You are here
Home > Dont Miss > Sennheiser Ambeo Smart Headset Review

Sennheiser Ambeo Smart Headset Review

Sennheiser Ambeo Smart Headset Review

Virtual reality sounds terrible. The bevy of 360-degree video cameras are visually immersive, but what they lack is convincing ‘lifelike’ audio. Cue the Sennheiser Ambeo Smart Headset, which we first saw at CES 2017 in January. It has an omni-directional microphone on each ear that record the sound surrounding the videographer, from whatever angle it comes in from. Is this a new personal audio frontier?

Sennheiser Ambeo Smart Headset Review

Sennheiser Ambeo Smart Headset Review
Sennheiser Ambeo Smart Headset Review

The concept behind the Sennheiser Ambeo Smart Headset is simple; it can record moving sound. If you take a video of a car driving from left to right across the shot while wearing it, the audio will move with it. Using an omni-directional microphone in each ear, it records the audio where you hear it. And it gets better; the recorded audio can then we played back through any regular pair of headphones.

Although Sennheiser’s expensive Ambeo VR 3D Microphone was released last year – and it first debuted its MKE 2002 binaural microphone back in 1974 – its Ambeo Smart Headset is the first consumer-grade ‘personal virtual reality’ product with a omni-directional microphone. It’s not on sale yet; that’s due to happen in summer, but we got our ears on an early, working sample at the IFA Global Press Conference 2017 in Lisbon, and put it through its paces around the streets of the Portuguese capital.

Design

For now, these earphones only exist for the iPhone; the audio cable is terminated in Apple Lightning (which also provides the power), though Sennheiser told us that it will also develop a version for Android devices. The Apple Lightning termination is critical because it takes advantage of new audio processing features in OS 10.3.1, the most recent update. In fact, the Sennheiser Ambeo Smart Headset doesn’t work at all if you attach it to an iPhone running 10.3.0; we tried just that, and found that it defaults to the iPhone’s microphone.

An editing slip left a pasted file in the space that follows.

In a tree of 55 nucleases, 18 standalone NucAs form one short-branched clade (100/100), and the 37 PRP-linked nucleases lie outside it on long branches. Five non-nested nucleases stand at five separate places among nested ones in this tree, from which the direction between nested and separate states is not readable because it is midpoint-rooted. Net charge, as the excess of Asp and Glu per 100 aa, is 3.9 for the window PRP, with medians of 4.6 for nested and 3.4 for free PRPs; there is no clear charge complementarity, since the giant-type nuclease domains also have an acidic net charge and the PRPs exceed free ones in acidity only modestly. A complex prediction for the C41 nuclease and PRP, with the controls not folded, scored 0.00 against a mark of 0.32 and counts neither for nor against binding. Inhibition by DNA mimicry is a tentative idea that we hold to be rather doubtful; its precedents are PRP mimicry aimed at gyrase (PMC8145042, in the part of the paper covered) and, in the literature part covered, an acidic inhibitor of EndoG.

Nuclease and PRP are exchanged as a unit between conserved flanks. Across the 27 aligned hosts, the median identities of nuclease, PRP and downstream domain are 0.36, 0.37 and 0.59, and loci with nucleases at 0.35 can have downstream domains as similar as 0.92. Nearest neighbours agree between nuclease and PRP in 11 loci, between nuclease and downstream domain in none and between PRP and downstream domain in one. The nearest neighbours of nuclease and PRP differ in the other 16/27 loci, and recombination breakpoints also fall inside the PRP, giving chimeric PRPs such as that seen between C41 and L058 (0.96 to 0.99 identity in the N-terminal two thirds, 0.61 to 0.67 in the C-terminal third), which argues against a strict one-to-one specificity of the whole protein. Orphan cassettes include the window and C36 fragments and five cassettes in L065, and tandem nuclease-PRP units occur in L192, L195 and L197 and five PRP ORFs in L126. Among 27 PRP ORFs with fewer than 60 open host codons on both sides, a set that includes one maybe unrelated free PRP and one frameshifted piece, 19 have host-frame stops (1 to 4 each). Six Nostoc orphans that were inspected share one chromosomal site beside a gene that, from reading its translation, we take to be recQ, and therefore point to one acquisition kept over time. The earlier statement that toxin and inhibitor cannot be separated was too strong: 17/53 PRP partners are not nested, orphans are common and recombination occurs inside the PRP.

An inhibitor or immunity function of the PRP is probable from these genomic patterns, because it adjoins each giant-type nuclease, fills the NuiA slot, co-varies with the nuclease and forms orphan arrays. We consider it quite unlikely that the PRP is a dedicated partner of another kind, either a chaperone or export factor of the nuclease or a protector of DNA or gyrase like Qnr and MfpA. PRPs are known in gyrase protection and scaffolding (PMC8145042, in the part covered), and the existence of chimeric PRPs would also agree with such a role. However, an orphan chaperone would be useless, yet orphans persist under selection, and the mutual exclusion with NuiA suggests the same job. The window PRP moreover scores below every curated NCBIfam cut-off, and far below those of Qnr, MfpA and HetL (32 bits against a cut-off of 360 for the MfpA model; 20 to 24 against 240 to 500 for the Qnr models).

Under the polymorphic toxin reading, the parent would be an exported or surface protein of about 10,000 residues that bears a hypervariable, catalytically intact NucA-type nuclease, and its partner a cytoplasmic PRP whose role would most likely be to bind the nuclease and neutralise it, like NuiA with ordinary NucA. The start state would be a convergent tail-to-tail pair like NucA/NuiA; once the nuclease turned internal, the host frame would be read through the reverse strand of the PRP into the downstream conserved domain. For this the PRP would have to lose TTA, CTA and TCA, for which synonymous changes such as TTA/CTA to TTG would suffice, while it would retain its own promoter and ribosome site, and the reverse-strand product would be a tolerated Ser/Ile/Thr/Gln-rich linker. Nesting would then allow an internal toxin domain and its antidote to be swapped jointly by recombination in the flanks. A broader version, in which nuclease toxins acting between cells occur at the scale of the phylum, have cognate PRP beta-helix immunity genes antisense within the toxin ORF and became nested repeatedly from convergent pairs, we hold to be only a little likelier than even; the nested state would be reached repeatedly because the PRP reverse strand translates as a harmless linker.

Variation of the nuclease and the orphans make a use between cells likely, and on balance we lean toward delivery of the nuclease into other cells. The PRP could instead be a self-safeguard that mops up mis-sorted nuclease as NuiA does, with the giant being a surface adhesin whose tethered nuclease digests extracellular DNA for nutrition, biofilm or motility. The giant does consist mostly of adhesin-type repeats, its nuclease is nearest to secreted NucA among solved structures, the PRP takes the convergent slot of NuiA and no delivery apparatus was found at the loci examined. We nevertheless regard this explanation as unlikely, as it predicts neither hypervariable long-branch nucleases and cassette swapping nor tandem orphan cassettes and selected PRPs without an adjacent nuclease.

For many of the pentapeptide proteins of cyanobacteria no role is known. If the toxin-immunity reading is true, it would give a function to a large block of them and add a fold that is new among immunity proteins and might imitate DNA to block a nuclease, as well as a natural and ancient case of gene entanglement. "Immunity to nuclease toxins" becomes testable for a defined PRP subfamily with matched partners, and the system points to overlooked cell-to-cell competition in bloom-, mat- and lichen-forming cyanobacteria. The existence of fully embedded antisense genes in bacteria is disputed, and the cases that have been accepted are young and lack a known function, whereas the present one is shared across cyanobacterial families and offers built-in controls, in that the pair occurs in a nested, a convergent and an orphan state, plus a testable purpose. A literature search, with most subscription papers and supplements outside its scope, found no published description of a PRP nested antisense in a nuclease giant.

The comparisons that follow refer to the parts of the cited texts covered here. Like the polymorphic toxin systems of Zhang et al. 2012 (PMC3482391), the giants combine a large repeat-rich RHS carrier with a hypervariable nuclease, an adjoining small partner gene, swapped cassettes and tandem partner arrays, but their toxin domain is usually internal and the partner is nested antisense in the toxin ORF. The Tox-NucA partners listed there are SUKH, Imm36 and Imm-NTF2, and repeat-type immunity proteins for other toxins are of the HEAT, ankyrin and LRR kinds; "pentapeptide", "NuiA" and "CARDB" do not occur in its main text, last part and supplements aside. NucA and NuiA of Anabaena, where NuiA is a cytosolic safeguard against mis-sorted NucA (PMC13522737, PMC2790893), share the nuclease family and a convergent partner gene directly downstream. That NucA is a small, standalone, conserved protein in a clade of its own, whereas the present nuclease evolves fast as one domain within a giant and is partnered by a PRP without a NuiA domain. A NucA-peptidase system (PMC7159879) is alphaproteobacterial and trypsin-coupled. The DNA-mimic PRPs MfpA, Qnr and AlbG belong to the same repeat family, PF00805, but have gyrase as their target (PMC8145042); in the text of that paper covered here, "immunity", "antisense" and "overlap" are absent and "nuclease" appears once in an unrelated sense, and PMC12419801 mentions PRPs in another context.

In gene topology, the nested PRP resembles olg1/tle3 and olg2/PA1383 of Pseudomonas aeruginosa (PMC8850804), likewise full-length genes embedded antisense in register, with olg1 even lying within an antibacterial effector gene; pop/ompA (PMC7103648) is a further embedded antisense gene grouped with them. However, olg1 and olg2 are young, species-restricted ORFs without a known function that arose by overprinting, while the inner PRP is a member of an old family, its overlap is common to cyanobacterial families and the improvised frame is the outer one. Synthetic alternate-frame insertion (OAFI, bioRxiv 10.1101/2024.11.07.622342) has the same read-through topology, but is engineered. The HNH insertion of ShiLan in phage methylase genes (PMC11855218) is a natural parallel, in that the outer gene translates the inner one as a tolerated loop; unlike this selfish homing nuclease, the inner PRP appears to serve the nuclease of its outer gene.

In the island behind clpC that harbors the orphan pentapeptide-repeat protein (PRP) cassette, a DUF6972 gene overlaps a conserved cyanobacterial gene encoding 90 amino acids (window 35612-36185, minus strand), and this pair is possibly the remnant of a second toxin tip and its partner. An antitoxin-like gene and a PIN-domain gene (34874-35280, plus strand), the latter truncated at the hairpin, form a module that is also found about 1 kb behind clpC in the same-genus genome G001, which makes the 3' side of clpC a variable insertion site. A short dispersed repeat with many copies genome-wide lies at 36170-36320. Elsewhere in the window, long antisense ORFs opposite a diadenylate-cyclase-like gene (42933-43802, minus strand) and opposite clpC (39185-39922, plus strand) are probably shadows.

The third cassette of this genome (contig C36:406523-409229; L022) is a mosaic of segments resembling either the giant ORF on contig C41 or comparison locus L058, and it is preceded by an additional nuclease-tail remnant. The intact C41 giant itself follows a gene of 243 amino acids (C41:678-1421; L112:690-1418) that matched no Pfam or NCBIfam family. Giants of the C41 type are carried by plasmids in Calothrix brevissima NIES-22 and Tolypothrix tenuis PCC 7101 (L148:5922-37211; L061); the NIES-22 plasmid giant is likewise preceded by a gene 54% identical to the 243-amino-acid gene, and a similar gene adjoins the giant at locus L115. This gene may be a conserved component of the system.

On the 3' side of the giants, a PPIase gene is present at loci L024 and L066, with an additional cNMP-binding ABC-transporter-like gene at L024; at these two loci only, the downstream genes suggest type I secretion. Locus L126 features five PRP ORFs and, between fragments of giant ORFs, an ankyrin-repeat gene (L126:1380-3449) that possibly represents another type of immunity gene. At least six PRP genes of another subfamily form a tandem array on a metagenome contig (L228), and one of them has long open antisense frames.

The mesh-covered binaural microphones themselves on each earbud are rather large, though they don’t feel heavy, and in our test the in-ears fitted snugly.

Thankfully, 3D audio capture is pure plug and play. Controls are on an in-line remote on the cable, though there’s not much to explore; the binaural mode is always-on, the volume buttons are standard issue, and there’s the usual mic for hands-free calls. There is a ‘transparent audio’ control for reducing or increasing background noise, but that’s about it. Inside the in-line remote is an analogue-to-digital converter and Apogee’s SoftLimit tech, which syncs the timing, volume and timbre of the sounds captured from different directions to create the 360-degree soundfield.

Performance

So when would you ever need to record your own immersive 3D surround sound? The answer is simple; anywhere you record video already.

We took it out around Lisbon city centre, taking short videos of street scenes, buskers, trams, a live band and even a Venezuelan pro-democracy demo in the main square. We found that the omni-directional sounds effects were most effective when the audio sources were close, and when particularly there two distinct sounds came from either side of us. And the Ambeo Smart Headset really does put the ‘personal’ into personal audio; we felt like a walking microphone, with every movement of my head altering what audio we captured.

For example, a busker playing a saxophone was very clearly on our left-hand side, and audibly moved to the right-hand side of the soundstage when we turned around. However, trams and vehicles behind us or more than about five metres in front did not appear to create much in the way of moving audio. The closer, the better.

Not only does it produce multi-directional audio, but the Ambeo Smart Headset also creates much clearer, sharper and fuller audio than any of the microphones built-in to the iPhone 7 that we used for this test, and without any significant hiss. That’s not all a massive surprise; when recording video it always makes sense to use a separate microphone or one on a pair of earphones rather than rely on the phone itself.

Swapping between using the microphone on the Ambeo Smart Headset and that of the phone, the latter seemed very muffled and indistinct. So using the Ambeo Smart Headset brings a jump in sound quality per se, as well as adding binaural audio effects.

Source

Top
%d bloggers like this: